$2.87 x 25 = $71.75 in electricity
50 mylar bags with O2 absorbers = $24.99
1 gallon of vacuum pump oil (it comes with a quart) = $27.62
Total cost for 50 (1) gallon bags of food with a shelf life of 30 years = $124.36

Now if you take into account that some of those bags will be taco meat, home made spaghetti, home grown veggies and fruits and farm raised meats, that price is pretty good I think. A 3 day mountain house meal plan for one person costs around $50, if we put our food into the pint sized bags we would have made about 15-20 of these 3 day packs, we are putting ours into bags to feed 3-5 per meal vice individual "minimum" or 'survival' packs that are sold on the market. We will be freeze drying what we eat, when we eat tacos we will freeze dry a tray of cooked taco meat, when we eat spaghetti we will freeze a tray of spaghetti, etc

I built a stand for ease of loading the unit and ease of maintaining the pump such as changing the oil and such. I also wired a dedicated 20 amp circuit for it so nothing else will knock it offline, they also recommend not using a GFI since it might be to sensitive for the vacuum pump and the compressor cycling throughout the process. I was actually shocked at the electricity usage, the compressor ran for about 6 hours to achieve minus 50 degrees F at the start of the process and then with the vacuum pump cycling on/off during the drying cycle I figured it would use more than what it did electrical usage wise.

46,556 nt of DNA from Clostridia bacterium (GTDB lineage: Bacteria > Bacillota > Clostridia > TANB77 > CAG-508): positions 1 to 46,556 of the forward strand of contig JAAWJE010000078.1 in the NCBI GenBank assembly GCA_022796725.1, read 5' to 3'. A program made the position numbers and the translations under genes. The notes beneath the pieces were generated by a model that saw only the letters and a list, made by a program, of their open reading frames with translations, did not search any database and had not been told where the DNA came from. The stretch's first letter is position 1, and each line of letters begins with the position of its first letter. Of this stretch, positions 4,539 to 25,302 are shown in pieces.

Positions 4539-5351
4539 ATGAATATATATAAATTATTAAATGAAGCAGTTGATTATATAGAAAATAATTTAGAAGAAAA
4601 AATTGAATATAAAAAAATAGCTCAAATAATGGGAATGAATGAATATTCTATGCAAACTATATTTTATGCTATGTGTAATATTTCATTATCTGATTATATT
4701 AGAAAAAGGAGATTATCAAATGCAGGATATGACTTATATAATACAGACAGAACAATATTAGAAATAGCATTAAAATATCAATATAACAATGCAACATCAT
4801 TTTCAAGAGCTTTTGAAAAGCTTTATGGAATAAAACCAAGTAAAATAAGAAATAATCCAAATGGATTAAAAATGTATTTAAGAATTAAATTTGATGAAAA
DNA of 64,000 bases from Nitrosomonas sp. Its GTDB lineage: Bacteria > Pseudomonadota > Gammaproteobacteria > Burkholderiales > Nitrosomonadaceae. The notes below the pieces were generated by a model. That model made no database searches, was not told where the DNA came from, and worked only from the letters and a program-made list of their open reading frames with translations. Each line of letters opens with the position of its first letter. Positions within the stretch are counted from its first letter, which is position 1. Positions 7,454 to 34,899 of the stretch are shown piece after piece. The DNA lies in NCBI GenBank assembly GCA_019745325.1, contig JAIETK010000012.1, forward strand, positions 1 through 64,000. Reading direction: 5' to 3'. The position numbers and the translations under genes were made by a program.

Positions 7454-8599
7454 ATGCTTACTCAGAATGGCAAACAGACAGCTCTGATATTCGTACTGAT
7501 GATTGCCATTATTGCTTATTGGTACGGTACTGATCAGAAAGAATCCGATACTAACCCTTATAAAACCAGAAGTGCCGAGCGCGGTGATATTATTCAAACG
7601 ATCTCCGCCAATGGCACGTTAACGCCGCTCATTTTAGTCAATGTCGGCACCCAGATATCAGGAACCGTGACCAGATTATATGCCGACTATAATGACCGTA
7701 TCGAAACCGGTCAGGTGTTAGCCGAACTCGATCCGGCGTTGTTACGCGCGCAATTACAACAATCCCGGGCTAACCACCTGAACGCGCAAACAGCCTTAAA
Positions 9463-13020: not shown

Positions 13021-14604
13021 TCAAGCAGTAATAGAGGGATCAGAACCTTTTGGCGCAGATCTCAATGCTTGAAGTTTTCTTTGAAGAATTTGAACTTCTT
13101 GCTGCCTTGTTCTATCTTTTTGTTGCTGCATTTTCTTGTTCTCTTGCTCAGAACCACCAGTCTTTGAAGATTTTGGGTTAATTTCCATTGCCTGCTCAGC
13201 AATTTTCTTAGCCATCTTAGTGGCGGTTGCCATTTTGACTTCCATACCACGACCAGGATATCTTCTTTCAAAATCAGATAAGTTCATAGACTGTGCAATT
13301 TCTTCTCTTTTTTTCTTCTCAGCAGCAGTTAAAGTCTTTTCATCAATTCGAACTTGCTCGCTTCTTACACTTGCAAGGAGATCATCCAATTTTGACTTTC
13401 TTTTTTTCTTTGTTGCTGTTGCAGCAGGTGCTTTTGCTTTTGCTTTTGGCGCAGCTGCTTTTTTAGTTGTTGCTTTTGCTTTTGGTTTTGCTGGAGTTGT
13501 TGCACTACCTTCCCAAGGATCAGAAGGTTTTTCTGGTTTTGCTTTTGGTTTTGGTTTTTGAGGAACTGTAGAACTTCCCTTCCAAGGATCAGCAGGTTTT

If you have any questions ask away folks!"

After more batches here is my opinion:
Ok we have now done 7 or 8 batches, we love it! Steak was grilled, then patted dry (olive oil/grease removal) then cut into strips and freeze dried....tastes just like it does off the grill!

Bananas/blackberries/fruits...love it!

Diced tomatoes, sliced tomatoes, pico all great!

Squash (yellow) was cut into slices like we fry them, freeze dried then reconstituted and fried, couldn't tell the difference from fresh or freeze dried.

We change the oil after every batch, filter it then put it back into the jug...excessive...maybe but it's a cheap insurance policy for a $350 vacuum pump imo. I am going to setup a inline filter, I have gotten permission (in writing) from harvest right that it won't void my warranty, they did ask to let them know how it does which tells me they are interested in improving the product but not much into more R & D that would put additional cost in the product.

2 weeks in and we love it, ours runs nearly non-stop since our garden is producing heavily this time of year.

One thing to consider....how to store hundreds of Mylar bags! We decided on file storage boxes such as....http://low.es/2qKLrBJ

Hope this helps. Sorry for the novel